Sorting an array of objects by a property value in javascript

June 27, 2022Tagged: javascript

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Sorting using sort()

Lets say that you have an array of objects that you wanted to sort by:

const people = [
    { name: 'Liam', age: 29, created_at: new Date("2022-05-18") },
    { name: 'Adam', age: 34, created_at: new Date("2021-09-23") },
    { name: 'Adam', age: 45, created_at: new Date("2020-03-11") },
    { name: 'Eve', age: 23, created_at: new Date("2020-02-03") },
    { name: 'Peter', age: 45, created_at: new Date("2019-06-08") },
]

You can use the sort() method of the Array that uses a callback function. The function takes 2 parameters in the array (commonly called a and b)

const sortedPeople = people.sort((a, b) => a.name > b.name ? 1 : -1)
[
    {
        "name": "Adam",
        "age": 45,
        "created_at": "2020-03-11T00:00:00.000Z"
    },
    {
        "name": "Adam",
        "age": 34,
        "created_at": "2021-09-23T00:00:00.000Z"
    },
    {
        "name": "Eve",
        "age": 23,
        "created_at": "2020-02-03T00:00:00.000Z"
    },
    {
        "name": "Liam",
        "age": 29,
        "created_at": "2022-05-18T00:00:00.000Z"
    },
    {
        "name": "Peter",
        "age": 45,
        "created_at": "2019-06-08T00:00:00.000Z"
    }
]

When the callback function returns a 1, the b object is higher in sorting over object a. To reverse this, you can just reverse the 1 and -1.

Sorting by multiple properties

You could also have it sort by a secondary properties if there is a match in the first property.

const sortedPeople = people.sort((a, b) => a.name > b.name ? 1 : (a.name === b.name) ? ((a.age > b.age) ? -1 : 1) : -1)
[
    {
        "name": "Adam",
        "age": 45,
        "created_at": "2020-03-11T00:00:00.000Z"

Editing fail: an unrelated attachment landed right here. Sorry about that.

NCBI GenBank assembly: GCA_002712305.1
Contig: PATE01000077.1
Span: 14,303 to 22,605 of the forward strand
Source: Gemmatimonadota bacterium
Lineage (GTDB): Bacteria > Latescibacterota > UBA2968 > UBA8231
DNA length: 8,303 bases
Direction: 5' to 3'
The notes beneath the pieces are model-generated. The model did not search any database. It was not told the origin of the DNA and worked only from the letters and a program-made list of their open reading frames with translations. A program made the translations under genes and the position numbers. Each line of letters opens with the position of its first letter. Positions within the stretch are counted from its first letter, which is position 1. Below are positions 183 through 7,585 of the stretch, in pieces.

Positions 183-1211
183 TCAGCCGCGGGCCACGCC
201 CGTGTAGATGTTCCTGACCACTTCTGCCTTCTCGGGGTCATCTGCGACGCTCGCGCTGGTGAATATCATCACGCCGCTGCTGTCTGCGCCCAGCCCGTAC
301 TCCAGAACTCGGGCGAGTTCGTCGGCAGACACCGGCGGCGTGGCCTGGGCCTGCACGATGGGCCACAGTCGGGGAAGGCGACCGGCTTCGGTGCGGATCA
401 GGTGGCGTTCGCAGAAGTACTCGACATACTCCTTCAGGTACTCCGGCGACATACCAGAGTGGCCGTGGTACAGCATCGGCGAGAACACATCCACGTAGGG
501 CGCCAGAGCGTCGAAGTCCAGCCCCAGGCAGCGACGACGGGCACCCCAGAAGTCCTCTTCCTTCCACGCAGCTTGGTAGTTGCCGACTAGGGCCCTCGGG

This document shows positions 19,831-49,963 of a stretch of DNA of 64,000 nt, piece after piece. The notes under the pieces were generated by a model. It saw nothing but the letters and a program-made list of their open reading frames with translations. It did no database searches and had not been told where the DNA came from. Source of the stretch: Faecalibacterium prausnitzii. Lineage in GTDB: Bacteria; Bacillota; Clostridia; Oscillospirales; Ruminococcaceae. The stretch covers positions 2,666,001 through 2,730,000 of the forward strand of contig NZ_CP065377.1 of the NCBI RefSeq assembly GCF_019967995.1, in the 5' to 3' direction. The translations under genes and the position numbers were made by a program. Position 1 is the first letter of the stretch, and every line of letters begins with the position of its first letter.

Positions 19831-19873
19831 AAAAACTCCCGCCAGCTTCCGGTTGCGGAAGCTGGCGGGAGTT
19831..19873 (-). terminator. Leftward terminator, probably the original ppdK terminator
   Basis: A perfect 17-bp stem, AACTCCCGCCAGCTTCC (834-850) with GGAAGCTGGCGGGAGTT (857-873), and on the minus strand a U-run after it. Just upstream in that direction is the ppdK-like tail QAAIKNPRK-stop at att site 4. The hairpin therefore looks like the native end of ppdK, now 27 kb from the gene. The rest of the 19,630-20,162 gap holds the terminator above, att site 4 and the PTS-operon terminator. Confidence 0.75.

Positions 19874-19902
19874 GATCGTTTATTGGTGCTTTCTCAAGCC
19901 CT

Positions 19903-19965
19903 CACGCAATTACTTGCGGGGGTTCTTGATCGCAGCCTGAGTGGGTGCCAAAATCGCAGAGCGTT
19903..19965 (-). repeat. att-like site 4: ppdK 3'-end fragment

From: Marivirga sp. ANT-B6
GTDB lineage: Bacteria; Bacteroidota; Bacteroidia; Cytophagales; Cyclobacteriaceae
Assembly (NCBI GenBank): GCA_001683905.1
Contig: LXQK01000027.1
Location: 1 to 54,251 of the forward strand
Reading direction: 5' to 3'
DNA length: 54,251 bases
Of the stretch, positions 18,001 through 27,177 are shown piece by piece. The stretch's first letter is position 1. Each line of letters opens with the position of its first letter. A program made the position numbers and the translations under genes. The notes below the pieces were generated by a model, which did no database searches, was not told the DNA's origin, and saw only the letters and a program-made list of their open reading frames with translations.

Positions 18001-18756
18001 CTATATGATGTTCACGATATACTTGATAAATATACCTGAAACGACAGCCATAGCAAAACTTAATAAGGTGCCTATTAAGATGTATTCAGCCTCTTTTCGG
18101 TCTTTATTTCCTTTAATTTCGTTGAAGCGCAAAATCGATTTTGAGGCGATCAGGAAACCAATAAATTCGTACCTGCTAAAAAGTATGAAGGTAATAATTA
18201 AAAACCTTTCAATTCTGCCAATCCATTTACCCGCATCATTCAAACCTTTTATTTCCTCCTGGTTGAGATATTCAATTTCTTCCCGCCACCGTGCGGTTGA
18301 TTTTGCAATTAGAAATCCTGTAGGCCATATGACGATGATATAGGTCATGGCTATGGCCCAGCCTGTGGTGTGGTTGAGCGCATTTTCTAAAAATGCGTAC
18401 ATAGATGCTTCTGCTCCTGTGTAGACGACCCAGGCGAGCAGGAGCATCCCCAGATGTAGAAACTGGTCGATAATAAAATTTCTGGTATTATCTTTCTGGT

},
    {
        "name": "Adam",
        "age": 34,
        "created_at": "2021-09-23T00:00:00.000Z"
    },
    {
        "name": "Eve",
        "age": 23,
        "created_at": "2020-02-03T00:00:00.000Z"
    },
    {
        "name": "Liam",
        "age": 29,
        "created_at": "2022-05-18T00:00:00.000Z"
    },
    {
        "name": "Peter",
        "age": 45,
        "created_at": "2019-06-08T00:00:00.000Z"
    }
]

Sorting by a date

Now if you want to sort the array by a date. You can still use the sort method:

const sortedPeopleByDate = people.sort((a, b) => b.created_at - a.created_at)

By taking the difference between b and a, if it’s positive then that means that B is larger so it will be first.

[
    {
        "name": "Liam",
        "age": 29,
        "created_at": "2022-05-18T00:00:00.000Z"
    },
    {
        "name": "Adam",
        "age": 34,
        "created_at": "2021-09-23T00:00:00.000Z"
    },
    {
        "name": "Adam",
        "age": 45,
        "created_at": "2020-03-11T00:00:00.000Z"
    },
    {
        "name": "Eve",
        "age": 23,
        "created_at": "2020-02-03T00:00:00.000Z"
    },
    {
        "name": "Peter",
        "age": 45,
        "created_at": "2019-06-08T00:00:00.000Z"
    }
]

Things to keep in mind about sort()

Although sort() returns a newly sorted array, it also modifies the original array in it’s place. If you want to prevent the original array from changing, you could sneak in a slice() to force javascript to create a copy of the array before sorting.

const sortedPeopleByAge = people.slice().sort((a, b) => a.age > b.age ? 1 : -1)

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Written by Jelani Harris who lives and works in Wisconsin building useful things. You should follow them on Twitter